As to the Diet to be celebrated on the 14th of January, for the purpose of obtaining help against the Turk, the Cardinals declared that His Holiness was quite ready to contribute with a sum of money proportionate to that of other Catholic powers, and would send to Spires the bishop of Modena, with full instructions to take engagements in his name. We told them that this affair admitted of no delay; the case was urgent, and there was no time to lose in consultations and answers. Reliable intelligence had been received that the Turk will come down next spring, both by sea and by land, and it behoved the Christian princes to be prepared against his attacks; that was the chief reason for the convocation of the German princes and electors to the Diet of Spires. His Holiness (we said) must remember his conversation with His Imperial Majesty at Lucca, when he promised to contribute with all his power; it was in virtue of that promise that the king of the Romans had decided to convoke the Diet, and it was quite clear that neither Your Majesty nor your brother, the king of the Romans, could take up the affair without knowing first how and with what sum he (the Pope) meant to help. It was, therefore, for His Holiness to declare how he intended to assist. Then the Cardinals, in order to parry the intended blow, asked point blank: "And why should His Holiness contribute, if the Turk does not come down next spring? The news is that he will not invade Hungary next year, but that in 1542 he is sure to come personally and lead his army into the centre of Europe." "That may be (we answered); but the attacks of that Infidel are sudden, and that is why we must be prepared at any cost." In short, whatever efforts we made, we could never get a categorical answer from the Cardinals, who said they would consult His Holiness thereupon and let us know.
Coming to the question of the creation of cardinals, which is another of the points under discussion, we repeated to Farnese and Santa Croce the very same arguments of which Your Majesty made use at Lucca. We begged them to remind the Pope of the promises he then and there had made, and to represent to him how outrageous it was that France, which was only one kingdom, should have eleven cardinals, besides many Italians, whom king Francis considers as of his party, whilst Spain and the whole of the Empire, nay, all Your Majesty's dominions, comprising so many kingdoms and lordships in the four quarters of the world, had only four! Having afterwards had occasion to speak to His Holiness on the subject, he told us that he was animated by the most paternal sentiments towards Your Majesty, but in the state in which European politics were, he considered it dangerous to over-irritate king Francis. If I would only tell him how many cardinals' hats Your Imperial Majesty wanted for ecclesiastics of your kingdoms—men of virtue and learning—he would have them in pectore, &c. Told him that what Your Majesty wished to know was what number of cardinals he intended to make at the next creation, and how many of those cardinals to be appointed were natives of France or attached to the king of that country. Again and again did I and my colleague repeat the same argument on the following days, whenever we met with His Holiness and the two cardinals; neither from him nor from them could we learn what His Holiness' intentions are in that particular.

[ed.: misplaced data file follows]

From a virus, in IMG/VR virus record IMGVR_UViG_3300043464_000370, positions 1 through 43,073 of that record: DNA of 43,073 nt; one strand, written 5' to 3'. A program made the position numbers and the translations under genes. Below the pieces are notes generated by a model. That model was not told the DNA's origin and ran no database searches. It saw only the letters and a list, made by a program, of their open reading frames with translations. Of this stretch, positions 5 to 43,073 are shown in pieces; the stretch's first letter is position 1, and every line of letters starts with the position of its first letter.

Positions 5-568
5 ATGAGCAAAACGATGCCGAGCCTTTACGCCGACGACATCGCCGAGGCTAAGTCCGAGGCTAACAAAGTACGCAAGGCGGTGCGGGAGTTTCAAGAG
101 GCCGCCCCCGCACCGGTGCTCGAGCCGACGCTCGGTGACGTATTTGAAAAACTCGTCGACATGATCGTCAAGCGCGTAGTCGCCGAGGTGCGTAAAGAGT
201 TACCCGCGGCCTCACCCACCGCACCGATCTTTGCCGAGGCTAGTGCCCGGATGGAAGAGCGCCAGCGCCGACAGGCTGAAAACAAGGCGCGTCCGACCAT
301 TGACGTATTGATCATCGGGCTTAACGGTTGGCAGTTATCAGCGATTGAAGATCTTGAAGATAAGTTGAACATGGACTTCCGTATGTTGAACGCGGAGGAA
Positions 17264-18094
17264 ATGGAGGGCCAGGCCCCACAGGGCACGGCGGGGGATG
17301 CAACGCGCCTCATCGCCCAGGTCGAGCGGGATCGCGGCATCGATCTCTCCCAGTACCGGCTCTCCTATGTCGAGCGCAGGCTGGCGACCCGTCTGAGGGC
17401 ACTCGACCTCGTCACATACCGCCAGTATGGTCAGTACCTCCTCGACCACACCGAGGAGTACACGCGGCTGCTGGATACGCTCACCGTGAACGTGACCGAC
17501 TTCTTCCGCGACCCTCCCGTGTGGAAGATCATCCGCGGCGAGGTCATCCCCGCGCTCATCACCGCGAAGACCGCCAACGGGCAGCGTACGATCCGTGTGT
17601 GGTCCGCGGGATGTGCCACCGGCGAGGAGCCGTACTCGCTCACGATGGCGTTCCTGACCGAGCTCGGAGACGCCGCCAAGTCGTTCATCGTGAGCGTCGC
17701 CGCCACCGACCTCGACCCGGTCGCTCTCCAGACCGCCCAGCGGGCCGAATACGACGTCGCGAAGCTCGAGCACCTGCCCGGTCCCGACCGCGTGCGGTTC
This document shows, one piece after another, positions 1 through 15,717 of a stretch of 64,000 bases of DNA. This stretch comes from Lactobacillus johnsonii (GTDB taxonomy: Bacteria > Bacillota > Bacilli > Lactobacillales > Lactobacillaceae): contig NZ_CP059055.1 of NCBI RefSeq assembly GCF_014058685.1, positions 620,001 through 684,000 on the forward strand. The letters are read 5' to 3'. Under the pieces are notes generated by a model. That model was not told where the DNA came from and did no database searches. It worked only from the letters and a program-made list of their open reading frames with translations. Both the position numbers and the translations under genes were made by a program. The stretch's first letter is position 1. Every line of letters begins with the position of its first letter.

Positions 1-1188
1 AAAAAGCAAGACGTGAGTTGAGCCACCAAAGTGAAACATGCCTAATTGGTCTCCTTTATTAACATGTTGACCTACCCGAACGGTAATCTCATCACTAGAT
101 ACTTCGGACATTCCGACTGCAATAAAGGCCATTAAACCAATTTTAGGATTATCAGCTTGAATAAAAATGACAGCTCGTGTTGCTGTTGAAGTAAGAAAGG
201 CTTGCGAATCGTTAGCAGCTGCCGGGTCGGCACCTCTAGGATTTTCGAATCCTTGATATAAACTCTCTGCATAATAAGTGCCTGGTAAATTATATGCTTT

With regard to Ascanio Colonna, we told him that since the sentence had been executed we thought that clemency ought to follow. After all Ascanio's excesses must be ascribed to insanity rather than to wickedness. He had been severely punished, and now his wife and children were in trouble. It was for the sake of them, and for the rest of the Colonna family—who had always been Your Majesty's friends—that clemency was asked. You had perhaps been blamed for not having sooner interfered in their behalf, but now that the sentence had been executed, Your Majesty could not do less than ask His Holiness' forgiveness; you would be glad if some agreement should be entered into likely to put an end to the suit. "That cannot be, said the Pope, save under three conditions: 1. That the third party be indemnified. 2. The payment of the expenses incurred by the Apostolic See in the affair. 3. Security for the future." (fn. n4) And upon our suggesting that if Ascanio's property were restored to his wife and children the affair might be settled amicably, the Pope refused to grant that, saying that unless the parties concerned were first indemnified nothing could be done in the matter.
As nothing had been settled definitively during our last conference with the Cardinals, as the Pope had gone to Hostia, and I myself kept pressing them for an answer, saying that I wished to return home as soon as possible, they faithfully promised us to draw up a report of what had been said at the meeting, that His Holiness might answer on the whole.